CONTACT: PETER ALEXANDER
300 Plaza Centre One
Iowa City IA 52242
(319) 384-0072; fax (319) 384-0024
Release: Oct. 11, 2002
Guest Conductor Leads UI Symphony Band Oct. 25
Guest conductor Andrew Mast will lead the University of Iowa Symphony Band
in a concert including a 9/11 memorial piece by UI graduate Andrew Boysen,
Jr., at 8 p.m. Friday, Oct. 25, in Clapp Recital Hall on the UI campus.
Mast, who is director of bands and music education specialist at St. Ambrose
University in Davenport, is standing in for Myron Welch, UI director of bands,
who is on sabbatical. The concert will be free and open to the public.
Mast has selected five works for the program: the Smetana Fanfare
by Karel Husa; Theme and Variations, op 43a, by Arnold Schoenberg; Boysens
Grant Them Eternal Rest; Donald Hunsbergers band arrangement
of J.S. Bachs Passacaglia and Fugue in C minor; and the Fantasia in
G by UI alumnus and former Symphony Band trombonist Timothy Mahr.
The director of bands at the University of New Hampshire, Boysen has an undergraduate
degree from the UI and is a former member of the Symphony Band. Grant
Them Eternal Rest was commissioned by Mast and the St. Ambrose band
and is dedicated to those who lost their lives on Sept. 11, 2001. The piece
follows the general outline of a Requiem Mass, but without voices, with five
movements based on liturgical texts: Introit, Kyrie, Dies Irae, Sanctus and
Boysen explained the origin of his score: Mast and I are very good
friends and I was extremely honored when he asked me to write a piece for
him and his ensemble. He and I discussed various approaches to the commission
and eventually we settled on a multi-movement work that would reflect various
aspects of childhood. I was almost ready to begin the work and spent part
of the Sept. 8-9 weekend finalizing ideas. All of that changed, of course,
on the 11th.
The overwhelming emotions that I experienced on that Tuesday were something
that I had never before experienced in relationship to an event outside my
personal sphere. I simply cant explain them. I simply knew that I wanted
to express them somehow. Mast agreed that changing the focus of the pieces
might be a worthy and appropriate thing to do, so I set to work on the new
The concept of the piece is expressed clearly in the title. I have
no interest in exploring or re-living the moments of that day. Instead the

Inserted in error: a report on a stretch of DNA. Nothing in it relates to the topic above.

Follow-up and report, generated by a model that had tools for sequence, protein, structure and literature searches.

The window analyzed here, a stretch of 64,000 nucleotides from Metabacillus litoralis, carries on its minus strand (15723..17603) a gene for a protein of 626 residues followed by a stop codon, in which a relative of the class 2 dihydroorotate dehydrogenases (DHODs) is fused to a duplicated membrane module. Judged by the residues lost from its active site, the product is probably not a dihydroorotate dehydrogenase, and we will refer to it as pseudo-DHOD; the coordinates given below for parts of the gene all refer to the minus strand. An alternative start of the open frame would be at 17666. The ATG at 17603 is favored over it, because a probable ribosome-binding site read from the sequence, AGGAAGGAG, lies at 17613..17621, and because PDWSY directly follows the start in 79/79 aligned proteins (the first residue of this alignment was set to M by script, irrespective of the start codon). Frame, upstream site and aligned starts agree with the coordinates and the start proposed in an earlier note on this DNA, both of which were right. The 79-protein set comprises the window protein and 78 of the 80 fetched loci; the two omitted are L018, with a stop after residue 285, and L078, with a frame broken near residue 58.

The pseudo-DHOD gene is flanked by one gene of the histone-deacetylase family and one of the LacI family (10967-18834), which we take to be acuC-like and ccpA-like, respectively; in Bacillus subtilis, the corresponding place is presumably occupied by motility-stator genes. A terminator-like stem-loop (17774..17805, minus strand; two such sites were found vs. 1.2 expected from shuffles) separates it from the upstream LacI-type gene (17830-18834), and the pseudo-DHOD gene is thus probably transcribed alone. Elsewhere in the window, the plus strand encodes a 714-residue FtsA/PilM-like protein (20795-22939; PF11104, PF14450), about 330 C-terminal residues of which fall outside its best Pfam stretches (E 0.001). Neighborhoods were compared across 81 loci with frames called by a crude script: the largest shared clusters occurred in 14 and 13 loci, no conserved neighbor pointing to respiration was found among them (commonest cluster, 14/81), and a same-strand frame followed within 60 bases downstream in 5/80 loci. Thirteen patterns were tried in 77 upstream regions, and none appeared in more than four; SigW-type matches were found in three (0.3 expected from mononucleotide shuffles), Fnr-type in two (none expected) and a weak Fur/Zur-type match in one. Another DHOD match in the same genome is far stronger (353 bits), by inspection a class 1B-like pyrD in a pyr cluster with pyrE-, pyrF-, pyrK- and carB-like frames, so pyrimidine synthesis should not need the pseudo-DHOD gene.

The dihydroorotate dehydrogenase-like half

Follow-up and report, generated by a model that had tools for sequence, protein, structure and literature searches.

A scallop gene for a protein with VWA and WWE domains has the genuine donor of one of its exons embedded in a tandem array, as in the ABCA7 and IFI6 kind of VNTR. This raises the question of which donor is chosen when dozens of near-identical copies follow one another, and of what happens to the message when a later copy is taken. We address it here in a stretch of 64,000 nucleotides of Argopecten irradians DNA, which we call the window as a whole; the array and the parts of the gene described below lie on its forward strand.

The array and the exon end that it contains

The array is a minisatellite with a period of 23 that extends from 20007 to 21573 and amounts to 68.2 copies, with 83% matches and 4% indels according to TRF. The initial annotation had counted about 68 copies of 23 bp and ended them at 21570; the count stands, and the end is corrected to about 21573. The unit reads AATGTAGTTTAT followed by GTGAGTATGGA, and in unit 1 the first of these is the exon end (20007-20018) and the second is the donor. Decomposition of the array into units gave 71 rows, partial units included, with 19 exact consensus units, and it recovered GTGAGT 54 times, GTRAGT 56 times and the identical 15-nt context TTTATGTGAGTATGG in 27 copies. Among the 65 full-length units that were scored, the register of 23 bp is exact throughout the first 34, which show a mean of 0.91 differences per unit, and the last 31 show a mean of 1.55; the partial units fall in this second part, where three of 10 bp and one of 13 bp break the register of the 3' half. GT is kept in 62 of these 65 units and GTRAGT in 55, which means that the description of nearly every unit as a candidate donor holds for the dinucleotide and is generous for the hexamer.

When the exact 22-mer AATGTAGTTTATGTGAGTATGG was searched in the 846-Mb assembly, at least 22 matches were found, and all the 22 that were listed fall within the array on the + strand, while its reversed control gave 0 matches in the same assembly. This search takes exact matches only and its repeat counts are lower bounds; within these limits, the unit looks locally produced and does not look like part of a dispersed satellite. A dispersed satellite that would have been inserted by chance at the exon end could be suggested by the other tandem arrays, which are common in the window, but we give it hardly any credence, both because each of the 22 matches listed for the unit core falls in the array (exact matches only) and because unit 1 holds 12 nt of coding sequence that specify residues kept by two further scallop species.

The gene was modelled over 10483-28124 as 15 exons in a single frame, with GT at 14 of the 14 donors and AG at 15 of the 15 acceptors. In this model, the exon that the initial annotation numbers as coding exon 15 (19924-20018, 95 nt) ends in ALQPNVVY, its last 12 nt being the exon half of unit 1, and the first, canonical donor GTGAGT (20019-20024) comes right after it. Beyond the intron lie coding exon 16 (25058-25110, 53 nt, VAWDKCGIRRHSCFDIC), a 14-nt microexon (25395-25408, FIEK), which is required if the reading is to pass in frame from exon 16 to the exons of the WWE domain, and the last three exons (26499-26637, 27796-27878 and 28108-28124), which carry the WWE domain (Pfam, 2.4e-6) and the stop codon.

work is simply a prayer to bless those who died so needlessly. Each movement
is intended to reflect the text of the Requiem Mass. I chose the five movements
whose text most accurately reflected the emotions that I wished to convey.
Mahr, who has doctorate from the UI, is now director of bands at St. Olaf
College. He was playing in the UI Symphony Band when he wrote his Fantasia
in G, which was written for the St. Olaf College Band and was first performed
by them in January, 1983. Mahr describes the Fantasia as a joyful celebration
for winds and percussion. He wrote, the piece was inspired by
the opening line of Johann von Schillers poem Ode to Joy:
Joy, bright spark of divinity. This same text was used by Beethoven
in his famed Symphony No. 9.
Schoenberg's Theme and Variations, op. 43a, was written in 1943, ten years
after the composer escaped from Nazi Germany and came to the United States.
It was commissioned by Schoenbergs American publisher to help raise
the quality of music available for American bands. In the composers
words, it was written to give a group of amateurs -- in this case, wind
bands -- something better to play. Nevertheless, it has proven very
difficult and is considered one of the major repertoire pieces for leading
symphonic wind groups.
The score comprises a 21-bar theme and seven variations that are played continuously.
Written after Schoenberg had abandoned an exclusively atonal approach to composition,
the Theme and Variations have a clearly defined G-minor tonality.
Mast has been at St. Ambrose University since 1999. He conducts the universitys
Symphonic Band and Jazz Ensemble, serves as department chair, and teaches
conducting, music education methods and instrumental technique courses. In
the spring of 1999 he was named music director of the Quad City Wind Ensemble
and is founder and music director of the new Quad City Area Youth Wind Symphony.
Mast received a doctorate and undergraduate degrees from the UI, as well
as with a masters degree from the University of Minnesota. He has taught
instrumental music in the Urbandale and Madrid, Ia., schools, and was director
of bands at Shakopee High School in Minnesota. He belongs to professional
associations including the Iowa Bandmasters Association, College Band
Directors National Association, National Band Association, Music Educators
National Conference, International Tuba and Euphonium Association and the
World Association of Symphonic Bands and Ensembles.
The School of Music is part of the Division of Performing Arts in the UI
College of Liberal Arts and Sciences.
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